Teachers rekindle relationships — with board games


Jared Phelps

IB Coordinator Jared Phelps takes a photo of gameplay from strategy-based board game Gloomhaven. Phelps and other teachers participate in online game sessions roughly every month.

Gloria Ing, Photographer

Since COVID-19 caused schools to close until the end of the 2019-2020 school year, many teachers had to shift their daily school methods to accommodate the pandemic. International Baccalaureate (IB) coordinator Jared Phelps along with three other teachers would play board games when school was in session and have worked around the new circumstances amidst quarantine.

We’ve been playing board games for a couple of years now and we’ve always had plans set up for spring break to have another session. But then due to the pandemic we weren’t able to meet,” English 9 Accelerated and IB Literature Higher Level (HL) 1 teacher Raymond Chhan said.

With the stay at home orders, it was clear that they needed to have another way to play board games to follow those orders. Along with Phelps and Chhan, English 10 Accelerated and Theory of Knowledge (ToK) teacher Kalie Espinoza and IB English HL1 and ToK teacher Jason Good are also regular members of these games.

“Mr. Phelps was the first to suggest trying to set up a virtual game night, and ultimately, he is the one who made it possible,” Espinoza said.

Phelps needed to transition from meeting his colleagues in person to another medium where they could all meet at the same time and play board games the way they used to. 

“I know we were really bummed about it, so I looked into ways that people play complicated games like this online.  It took me weeks to finally invest the time I needed in order to figure out how best to do it, but once I figured it out, it was fairly straight-forward.  As far as why we do it – we absolutely love this game, and we love the memories we get to create when we play,” Phelps said. 

All four teachers met for their virtual game night on Friday, April 30. During the game night they played two separate board games.

“There are two different games that we played. One of them is Pandemic which is kind of ironic and [the other is] Gloomhaven [which is basically] a guided Dungeons and Dragons,” Chhan said.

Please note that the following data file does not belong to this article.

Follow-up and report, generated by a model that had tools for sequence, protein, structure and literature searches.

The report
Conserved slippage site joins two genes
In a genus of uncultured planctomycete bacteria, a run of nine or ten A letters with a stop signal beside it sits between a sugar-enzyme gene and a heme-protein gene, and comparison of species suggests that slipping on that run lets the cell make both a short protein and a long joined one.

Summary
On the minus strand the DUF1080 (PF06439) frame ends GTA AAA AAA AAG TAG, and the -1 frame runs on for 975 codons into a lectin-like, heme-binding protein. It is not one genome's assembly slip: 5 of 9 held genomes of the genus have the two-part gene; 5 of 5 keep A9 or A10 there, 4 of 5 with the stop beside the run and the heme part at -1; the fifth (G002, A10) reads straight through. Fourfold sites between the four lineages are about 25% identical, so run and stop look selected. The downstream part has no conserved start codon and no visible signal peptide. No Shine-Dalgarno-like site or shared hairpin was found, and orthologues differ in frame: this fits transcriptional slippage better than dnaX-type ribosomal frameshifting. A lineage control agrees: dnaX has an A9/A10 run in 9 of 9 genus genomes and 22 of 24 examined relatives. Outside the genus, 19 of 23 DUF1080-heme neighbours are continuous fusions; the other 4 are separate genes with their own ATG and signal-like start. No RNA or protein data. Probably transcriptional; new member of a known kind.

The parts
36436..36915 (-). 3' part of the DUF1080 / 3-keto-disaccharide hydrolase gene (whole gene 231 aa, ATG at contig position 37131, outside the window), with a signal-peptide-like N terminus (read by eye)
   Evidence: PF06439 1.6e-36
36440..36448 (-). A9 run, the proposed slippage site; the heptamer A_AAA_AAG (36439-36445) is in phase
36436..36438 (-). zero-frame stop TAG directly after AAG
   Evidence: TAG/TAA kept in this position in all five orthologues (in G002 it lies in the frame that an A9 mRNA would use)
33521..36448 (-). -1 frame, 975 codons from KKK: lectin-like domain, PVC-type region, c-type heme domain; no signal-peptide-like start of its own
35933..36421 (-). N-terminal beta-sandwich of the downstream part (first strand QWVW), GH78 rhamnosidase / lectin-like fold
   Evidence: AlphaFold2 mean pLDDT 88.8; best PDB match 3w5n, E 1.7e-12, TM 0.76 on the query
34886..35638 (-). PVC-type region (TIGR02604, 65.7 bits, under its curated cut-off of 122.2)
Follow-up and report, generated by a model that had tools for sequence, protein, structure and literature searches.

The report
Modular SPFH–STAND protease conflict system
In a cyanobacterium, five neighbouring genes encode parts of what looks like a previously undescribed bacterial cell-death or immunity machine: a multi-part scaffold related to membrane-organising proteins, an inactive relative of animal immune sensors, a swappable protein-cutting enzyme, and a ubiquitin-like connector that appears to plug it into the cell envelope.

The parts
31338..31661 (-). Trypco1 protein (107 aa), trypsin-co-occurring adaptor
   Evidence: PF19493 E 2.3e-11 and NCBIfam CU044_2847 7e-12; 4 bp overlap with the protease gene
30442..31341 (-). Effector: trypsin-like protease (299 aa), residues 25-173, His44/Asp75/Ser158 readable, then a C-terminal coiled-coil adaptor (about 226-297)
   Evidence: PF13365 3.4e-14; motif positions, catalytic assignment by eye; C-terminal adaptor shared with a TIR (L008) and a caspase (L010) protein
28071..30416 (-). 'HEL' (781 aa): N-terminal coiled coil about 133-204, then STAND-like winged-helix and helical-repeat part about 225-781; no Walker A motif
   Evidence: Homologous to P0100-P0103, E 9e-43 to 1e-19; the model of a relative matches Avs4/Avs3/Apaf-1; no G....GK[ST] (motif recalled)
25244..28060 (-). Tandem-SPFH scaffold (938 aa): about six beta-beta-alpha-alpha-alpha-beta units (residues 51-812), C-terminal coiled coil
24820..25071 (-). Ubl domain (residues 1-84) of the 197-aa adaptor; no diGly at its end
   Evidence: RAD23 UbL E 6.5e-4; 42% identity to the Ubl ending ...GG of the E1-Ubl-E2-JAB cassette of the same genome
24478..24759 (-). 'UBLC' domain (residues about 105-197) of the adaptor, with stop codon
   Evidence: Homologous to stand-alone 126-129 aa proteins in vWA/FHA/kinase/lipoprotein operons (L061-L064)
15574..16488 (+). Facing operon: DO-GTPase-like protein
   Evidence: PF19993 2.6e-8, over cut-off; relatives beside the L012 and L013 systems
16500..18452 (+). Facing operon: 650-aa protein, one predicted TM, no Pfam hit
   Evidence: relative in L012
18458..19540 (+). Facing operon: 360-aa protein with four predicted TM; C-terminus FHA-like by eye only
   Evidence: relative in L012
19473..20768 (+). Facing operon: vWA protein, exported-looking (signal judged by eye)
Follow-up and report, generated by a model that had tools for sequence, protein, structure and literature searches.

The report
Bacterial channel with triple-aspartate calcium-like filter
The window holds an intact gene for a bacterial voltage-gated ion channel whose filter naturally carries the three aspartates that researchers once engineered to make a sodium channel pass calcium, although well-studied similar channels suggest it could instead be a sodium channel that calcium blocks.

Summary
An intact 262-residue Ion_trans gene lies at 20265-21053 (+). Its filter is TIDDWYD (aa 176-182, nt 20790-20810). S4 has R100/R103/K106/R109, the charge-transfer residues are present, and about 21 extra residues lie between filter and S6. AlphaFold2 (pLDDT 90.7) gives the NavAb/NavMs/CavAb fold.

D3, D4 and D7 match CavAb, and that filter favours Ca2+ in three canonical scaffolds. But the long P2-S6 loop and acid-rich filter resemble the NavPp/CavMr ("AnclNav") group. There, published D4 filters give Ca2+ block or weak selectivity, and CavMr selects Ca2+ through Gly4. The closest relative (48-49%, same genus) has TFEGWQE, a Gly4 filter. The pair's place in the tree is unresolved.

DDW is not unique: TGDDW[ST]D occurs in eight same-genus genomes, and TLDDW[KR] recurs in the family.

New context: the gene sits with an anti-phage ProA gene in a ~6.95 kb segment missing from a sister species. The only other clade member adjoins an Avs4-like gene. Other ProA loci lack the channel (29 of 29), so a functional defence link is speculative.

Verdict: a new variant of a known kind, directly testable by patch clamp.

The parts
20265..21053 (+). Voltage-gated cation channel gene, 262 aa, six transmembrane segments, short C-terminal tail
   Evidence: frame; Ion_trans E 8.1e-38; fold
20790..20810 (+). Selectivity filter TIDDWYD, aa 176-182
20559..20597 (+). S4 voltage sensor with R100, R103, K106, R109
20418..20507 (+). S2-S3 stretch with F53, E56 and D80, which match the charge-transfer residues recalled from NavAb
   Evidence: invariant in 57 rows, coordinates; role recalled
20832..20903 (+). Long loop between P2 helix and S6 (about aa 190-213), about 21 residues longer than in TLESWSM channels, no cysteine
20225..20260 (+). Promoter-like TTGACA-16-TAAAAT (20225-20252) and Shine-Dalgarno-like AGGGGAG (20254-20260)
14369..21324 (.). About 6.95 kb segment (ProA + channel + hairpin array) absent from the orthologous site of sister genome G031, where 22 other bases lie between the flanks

Through video chat apps such as Zoom, Phelps found a way for all four of them to play together and follow social distancing guidelines. 

“I host a Zoom call on my laptop and do a ‘Share Screen’ so that the other players can see the app we use to track information,” Phelps said. “Other players join that Zoom call so they can see the app and so we can see each other’s faces. Then I take my phone, point it at the board and connect it to the call. Through all of this, players can see the board, the info app and the faces of the other players.” 

Since all four had to transition into their gaming night online, Phelps discovered benefits for meeting virtually instead of meeting in person.

“It effectively takes us less time to play.  We usually host game sessions at my home, but I live about 20 minutes away from the other teachers.  Playing virtually like this means that the other players don’t have to spend 40 minutes driving to and from my home to play.  I’m not ready to say this is a superior way to play, but it certainly has its benefits,” Phelps said.

Staying in touch even through social distancing is important for these teachers since under normal circumstances they would be interacting with each other daily, according to Good. 

I really value these friendships and it is important to me that we have time to interact that isn’t just work. When we are at school we can all find some time to just say hello,” Good said. “With the switch to distance learning, that has been difficult because we are all making new content for classes so any time we are in a meeting we are pressed to get as much work done as we can.  Hosting the game sessions gives us a chance to chat and not have work as the topic.” 

Although social interactions have changed during the past couple months, through apps such as Zoom, individuals are able to interact with their friends, family members, classmates and more to make social distancing more bearable overall. 

“Social interaction is really important for our wellness, so finding ways to do that safely are really important.  I’ve been invited to two virtual birthday parties […] On one hand it’s really different, but on the other hand, there’s so much about it that’s similar.  You’re still getting to see people’s smiling faces, you’re still getting to laugh together.  It’s really important that we keep having these positive social experiences,” Phelps said.